By starting her own business, KRISTI JO "KJ" LEWIS has helped launch the businesses of creative, hard-working women a world away.
Lewis, MS and MPA '05, is founder of Global Sistergoods, an online business that sells colorful clothing, accessories, and home décor created by women in developing countries. Lewis and her sister, Beth Kapsch, who serves as CFO, pay fair prices to economically disadvantaged women in such countries as Ghana, Cambodia, and Peru.
A former Peace Corps volunteer, Lewis got to know the "strong, resilient, and incredibly smart" women of Namibia. She returned to the country in 2005 to gather information for a PSU project, and it was then that inspiration for Global Sistergoods hit. "I knew I wanted to be creative in my work, work that has a profound impact," she says.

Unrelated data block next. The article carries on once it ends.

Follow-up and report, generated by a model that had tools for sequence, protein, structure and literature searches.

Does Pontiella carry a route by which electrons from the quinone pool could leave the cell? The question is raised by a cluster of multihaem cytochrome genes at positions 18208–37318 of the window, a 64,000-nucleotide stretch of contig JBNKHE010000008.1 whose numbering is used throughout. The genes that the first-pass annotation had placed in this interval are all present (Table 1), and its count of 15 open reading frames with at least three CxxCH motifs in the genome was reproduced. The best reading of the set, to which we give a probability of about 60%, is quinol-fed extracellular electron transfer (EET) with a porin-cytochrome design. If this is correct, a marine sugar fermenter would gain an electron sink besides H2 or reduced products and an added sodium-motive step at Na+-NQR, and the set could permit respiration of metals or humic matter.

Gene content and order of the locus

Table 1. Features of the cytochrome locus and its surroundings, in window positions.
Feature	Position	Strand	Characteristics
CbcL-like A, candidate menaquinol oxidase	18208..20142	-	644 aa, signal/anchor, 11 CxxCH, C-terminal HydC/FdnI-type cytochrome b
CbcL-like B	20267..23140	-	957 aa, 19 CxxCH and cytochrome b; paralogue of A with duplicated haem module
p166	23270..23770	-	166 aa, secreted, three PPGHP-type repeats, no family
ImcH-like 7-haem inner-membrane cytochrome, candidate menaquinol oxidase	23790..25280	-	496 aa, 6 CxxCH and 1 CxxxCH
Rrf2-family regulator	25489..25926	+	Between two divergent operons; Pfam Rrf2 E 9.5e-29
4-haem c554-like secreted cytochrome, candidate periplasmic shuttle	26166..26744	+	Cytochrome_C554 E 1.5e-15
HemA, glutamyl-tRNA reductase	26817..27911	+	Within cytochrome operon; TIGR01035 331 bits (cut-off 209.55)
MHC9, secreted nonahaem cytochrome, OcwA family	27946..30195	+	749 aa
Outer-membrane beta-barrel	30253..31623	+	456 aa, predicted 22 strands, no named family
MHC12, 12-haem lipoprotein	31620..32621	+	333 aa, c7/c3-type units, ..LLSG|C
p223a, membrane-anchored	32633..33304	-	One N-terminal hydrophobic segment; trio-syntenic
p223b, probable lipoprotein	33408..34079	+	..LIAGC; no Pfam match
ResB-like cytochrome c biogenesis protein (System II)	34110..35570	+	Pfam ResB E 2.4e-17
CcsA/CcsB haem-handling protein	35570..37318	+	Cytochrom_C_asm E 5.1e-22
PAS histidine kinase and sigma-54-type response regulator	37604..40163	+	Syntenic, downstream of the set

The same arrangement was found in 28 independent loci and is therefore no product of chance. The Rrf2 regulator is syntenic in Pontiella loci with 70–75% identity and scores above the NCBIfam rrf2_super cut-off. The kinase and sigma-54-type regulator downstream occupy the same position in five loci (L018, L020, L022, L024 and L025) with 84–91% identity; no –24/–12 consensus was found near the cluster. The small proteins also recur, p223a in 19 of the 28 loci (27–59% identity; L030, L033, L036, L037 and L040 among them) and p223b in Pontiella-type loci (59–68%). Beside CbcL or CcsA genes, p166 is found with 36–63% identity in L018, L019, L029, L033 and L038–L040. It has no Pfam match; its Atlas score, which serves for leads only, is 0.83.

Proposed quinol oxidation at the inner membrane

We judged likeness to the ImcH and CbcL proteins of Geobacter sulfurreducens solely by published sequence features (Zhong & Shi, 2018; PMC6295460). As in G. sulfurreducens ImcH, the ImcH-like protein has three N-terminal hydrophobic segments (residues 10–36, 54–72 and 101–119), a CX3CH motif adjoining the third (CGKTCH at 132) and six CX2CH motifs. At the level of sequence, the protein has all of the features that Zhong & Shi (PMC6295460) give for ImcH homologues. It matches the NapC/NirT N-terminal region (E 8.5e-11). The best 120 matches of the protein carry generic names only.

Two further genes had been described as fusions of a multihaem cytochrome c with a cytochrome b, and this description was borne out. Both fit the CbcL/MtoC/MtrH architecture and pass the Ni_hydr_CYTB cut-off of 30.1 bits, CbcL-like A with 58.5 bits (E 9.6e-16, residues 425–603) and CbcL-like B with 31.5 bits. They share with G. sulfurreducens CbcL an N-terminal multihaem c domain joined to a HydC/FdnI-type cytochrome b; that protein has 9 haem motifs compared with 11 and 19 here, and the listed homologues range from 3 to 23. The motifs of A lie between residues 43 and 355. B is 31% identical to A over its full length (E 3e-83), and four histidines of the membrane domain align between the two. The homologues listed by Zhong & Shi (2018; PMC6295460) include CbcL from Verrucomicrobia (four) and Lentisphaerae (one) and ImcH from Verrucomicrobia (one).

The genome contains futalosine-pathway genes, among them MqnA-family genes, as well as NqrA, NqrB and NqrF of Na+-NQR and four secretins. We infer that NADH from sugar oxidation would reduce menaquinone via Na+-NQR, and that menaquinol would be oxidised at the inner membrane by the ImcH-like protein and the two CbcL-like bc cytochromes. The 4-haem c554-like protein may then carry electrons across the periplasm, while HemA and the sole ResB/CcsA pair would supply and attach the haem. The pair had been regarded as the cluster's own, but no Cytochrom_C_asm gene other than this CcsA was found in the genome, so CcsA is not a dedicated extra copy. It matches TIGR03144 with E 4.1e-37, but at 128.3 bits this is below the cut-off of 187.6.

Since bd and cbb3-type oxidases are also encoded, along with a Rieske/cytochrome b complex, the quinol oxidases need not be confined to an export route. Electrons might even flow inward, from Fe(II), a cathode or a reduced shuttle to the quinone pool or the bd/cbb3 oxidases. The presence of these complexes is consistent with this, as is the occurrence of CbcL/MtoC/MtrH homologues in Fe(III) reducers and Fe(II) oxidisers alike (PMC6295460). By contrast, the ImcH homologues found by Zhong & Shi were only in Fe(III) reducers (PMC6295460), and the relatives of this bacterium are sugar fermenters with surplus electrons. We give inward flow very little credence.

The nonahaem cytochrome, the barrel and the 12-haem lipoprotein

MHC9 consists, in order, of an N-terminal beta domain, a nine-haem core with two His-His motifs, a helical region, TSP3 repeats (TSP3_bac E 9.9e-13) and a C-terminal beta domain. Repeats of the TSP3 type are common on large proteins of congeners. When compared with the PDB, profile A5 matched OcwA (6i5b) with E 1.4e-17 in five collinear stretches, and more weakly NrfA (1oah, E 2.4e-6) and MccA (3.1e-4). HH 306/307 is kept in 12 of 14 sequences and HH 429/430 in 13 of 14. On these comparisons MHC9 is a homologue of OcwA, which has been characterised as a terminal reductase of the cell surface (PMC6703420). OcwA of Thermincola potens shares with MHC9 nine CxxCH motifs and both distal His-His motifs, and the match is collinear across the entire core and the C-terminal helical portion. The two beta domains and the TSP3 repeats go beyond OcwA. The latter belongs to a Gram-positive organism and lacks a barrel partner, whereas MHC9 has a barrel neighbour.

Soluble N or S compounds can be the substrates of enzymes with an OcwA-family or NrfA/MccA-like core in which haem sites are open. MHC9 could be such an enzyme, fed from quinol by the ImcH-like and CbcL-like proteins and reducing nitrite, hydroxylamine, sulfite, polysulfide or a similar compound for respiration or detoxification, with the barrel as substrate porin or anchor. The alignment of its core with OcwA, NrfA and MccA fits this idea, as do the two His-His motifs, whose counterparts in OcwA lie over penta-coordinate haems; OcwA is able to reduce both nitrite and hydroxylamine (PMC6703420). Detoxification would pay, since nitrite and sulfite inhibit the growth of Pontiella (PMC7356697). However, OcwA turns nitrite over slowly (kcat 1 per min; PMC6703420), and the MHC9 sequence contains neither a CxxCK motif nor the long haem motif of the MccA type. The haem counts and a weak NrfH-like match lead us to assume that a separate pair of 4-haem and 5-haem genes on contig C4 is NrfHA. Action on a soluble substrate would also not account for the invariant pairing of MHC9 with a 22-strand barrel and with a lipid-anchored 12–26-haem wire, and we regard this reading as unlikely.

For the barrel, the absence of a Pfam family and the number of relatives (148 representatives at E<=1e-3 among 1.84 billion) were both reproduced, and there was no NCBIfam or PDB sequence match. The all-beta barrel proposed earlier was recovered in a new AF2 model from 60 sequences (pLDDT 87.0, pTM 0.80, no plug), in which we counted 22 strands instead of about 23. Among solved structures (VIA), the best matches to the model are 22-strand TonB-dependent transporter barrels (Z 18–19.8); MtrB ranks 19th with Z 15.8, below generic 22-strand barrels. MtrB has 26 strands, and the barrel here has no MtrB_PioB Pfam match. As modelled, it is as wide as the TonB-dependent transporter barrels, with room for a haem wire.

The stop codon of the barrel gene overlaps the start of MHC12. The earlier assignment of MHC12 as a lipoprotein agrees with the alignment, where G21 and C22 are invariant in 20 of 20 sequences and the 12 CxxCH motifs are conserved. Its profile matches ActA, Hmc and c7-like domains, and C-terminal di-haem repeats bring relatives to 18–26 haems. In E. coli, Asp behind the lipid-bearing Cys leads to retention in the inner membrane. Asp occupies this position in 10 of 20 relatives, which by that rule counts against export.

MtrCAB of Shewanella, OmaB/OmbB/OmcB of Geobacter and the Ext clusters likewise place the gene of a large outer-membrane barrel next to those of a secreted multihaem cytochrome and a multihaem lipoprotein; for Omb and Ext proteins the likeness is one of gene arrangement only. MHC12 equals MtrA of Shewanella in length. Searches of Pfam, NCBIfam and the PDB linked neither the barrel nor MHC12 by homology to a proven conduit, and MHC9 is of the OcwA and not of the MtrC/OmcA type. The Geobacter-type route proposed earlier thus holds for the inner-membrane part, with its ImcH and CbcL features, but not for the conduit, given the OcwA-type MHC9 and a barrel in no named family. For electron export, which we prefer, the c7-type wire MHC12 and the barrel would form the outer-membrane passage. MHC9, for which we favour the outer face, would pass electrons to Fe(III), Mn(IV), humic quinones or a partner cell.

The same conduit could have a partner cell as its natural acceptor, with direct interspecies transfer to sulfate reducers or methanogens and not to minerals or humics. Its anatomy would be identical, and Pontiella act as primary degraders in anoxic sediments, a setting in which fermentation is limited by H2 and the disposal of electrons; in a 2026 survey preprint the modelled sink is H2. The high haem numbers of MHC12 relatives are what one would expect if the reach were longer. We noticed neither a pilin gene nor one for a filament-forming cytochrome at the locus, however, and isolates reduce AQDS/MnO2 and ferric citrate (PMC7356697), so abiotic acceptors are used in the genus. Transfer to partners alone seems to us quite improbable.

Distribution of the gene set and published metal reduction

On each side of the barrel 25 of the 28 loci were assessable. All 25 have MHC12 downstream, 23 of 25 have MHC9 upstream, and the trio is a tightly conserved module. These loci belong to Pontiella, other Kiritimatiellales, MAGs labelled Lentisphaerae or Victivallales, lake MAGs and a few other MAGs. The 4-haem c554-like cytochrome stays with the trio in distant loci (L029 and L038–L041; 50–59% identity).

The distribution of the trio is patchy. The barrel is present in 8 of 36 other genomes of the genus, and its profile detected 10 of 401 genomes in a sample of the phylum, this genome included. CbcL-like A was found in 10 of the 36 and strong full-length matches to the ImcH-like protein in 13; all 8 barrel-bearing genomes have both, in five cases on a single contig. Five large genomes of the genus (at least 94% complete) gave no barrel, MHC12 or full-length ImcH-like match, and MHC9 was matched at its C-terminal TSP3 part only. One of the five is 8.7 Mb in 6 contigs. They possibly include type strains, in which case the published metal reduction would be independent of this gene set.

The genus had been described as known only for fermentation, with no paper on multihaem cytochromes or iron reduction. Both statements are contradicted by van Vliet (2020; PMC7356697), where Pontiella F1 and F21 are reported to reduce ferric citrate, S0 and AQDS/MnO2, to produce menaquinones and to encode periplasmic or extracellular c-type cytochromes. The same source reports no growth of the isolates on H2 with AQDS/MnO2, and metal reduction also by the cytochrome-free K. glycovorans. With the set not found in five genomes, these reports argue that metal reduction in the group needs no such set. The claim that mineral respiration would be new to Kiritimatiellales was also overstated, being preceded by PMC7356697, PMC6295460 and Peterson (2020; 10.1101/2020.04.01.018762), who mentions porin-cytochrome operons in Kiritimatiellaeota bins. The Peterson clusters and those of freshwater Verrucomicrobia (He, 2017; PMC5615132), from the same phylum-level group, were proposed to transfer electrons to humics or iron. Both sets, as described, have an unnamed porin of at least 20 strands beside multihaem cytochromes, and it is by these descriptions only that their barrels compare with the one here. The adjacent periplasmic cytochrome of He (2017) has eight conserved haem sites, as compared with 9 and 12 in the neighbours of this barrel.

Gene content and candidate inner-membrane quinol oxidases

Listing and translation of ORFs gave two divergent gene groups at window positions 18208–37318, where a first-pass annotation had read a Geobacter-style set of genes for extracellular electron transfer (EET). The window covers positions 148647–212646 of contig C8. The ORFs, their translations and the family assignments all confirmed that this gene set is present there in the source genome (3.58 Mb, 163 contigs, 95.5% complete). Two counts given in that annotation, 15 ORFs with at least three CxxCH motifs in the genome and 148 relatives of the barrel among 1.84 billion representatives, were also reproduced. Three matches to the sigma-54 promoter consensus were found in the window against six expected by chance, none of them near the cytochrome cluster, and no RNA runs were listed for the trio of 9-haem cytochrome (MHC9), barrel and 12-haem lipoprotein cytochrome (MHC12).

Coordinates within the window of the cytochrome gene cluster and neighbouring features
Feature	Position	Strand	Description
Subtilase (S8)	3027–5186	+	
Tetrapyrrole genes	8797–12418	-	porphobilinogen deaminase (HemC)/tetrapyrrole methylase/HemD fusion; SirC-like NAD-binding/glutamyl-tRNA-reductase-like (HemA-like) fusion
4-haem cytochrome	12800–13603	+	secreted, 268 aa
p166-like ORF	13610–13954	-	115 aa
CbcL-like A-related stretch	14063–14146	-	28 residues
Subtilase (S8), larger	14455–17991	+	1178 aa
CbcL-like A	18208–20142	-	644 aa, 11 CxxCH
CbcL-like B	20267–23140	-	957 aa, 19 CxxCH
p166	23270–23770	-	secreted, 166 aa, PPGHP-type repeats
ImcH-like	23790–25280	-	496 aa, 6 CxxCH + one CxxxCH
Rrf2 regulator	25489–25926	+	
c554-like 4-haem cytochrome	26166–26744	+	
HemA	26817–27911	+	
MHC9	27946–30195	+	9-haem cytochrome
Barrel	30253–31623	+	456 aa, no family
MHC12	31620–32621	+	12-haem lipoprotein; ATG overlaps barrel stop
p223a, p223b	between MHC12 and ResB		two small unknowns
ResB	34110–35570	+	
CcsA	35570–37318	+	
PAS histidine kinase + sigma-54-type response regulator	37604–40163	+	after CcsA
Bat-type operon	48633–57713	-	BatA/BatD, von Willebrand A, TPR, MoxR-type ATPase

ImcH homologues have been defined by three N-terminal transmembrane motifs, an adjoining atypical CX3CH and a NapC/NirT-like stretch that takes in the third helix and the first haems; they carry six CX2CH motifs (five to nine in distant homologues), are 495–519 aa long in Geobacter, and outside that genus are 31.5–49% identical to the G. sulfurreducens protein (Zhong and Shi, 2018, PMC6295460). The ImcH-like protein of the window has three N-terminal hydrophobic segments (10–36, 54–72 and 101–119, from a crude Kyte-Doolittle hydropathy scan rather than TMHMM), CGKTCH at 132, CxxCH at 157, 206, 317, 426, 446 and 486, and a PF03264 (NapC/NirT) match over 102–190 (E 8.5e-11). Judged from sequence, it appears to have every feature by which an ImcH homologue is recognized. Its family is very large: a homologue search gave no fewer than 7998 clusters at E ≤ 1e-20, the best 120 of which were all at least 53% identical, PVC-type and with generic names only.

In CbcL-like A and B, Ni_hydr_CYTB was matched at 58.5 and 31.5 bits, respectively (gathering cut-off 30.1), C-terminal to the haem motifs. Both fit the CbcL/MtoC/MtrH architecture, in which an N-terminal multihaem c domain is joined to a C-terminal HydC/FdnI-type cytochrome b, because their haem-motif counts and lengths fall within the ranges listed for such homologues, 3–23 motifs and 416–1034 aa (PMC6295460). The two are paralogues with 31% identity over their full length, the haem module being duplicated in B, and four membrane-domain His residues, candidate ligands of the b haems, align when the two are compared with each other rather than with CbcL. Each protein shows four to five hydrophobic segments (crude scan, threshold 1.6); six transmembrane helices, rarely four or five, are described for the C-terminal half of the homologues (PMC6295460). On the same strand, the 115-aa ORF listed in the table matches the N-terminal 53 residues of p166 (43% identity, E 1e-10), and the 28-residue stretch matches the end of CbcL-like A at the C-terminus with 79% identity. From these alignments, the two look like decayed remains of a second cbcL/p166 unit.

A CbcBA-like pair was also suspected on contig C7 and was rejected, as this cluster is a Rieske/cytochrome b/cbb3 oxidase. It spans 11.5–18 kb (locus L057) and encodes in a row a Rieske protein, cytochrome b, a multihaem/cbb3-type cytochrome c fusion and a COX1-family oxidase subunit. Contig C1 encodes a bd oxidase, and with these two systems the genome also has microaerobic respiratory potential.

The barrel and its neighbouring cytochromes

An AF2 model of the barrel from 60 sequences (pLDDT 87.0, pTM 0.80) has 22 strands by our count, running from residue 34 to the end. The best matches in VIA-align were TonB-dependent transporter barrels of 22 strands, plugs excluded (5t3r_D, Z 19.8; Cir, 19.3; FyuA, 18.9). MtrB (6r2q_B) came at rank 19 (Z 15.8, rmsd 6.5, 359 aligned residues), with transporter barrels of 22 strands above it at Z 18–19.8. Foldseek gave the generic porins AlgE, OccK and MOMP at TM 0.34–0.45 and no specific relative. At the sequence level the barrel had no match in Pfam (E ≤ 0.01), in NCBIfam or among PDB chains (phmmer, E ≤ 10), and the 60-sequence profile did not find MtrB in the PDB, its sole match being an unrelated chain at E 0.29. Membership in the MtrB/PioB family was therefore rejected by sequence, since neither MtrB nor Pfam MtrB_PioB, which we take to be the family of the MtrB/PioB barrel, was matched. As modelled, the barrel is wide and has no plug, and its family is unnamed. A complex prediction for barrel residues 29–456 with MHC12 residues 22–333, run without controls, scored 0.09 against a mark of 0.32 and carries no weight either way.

Global Sistergoods, launched in 2006, saw a 500 percent increase in sales in 2007 and expects a 300 percent increase in 2008. Its products appeal to urban women, ages 25 to 55, who are interested in travel and women's rights, says Lewis. Every item for sale on www.globalsistergoods.com includes an insightful piece on the women of that country.
A favorite item of Lewis is the "past meets future bracelet" made by women in Namibia out of PVC pipe to look like traditional, hand-carved bone. "I like them because they are unique, and I know that area and the direct impact we have made," says Lewis, adding, "If women are able to control their own economic destiny, that is where the real development happens."
Lewis, 38, and her husband, David, became new parents in July. Her sister is also a mother, so business travel is on hiatus for a while. Fortunately, they have a full-time employee, Leah Hazard. The company will have a booth during PSU Weekend, Oct. 18, from 9 a.m. to noon in Smith Memorial Student Union.
Lewis is thankful and philosophical about their situation, saying, "As new moms, we face the same balancing acts that our partner artisans face."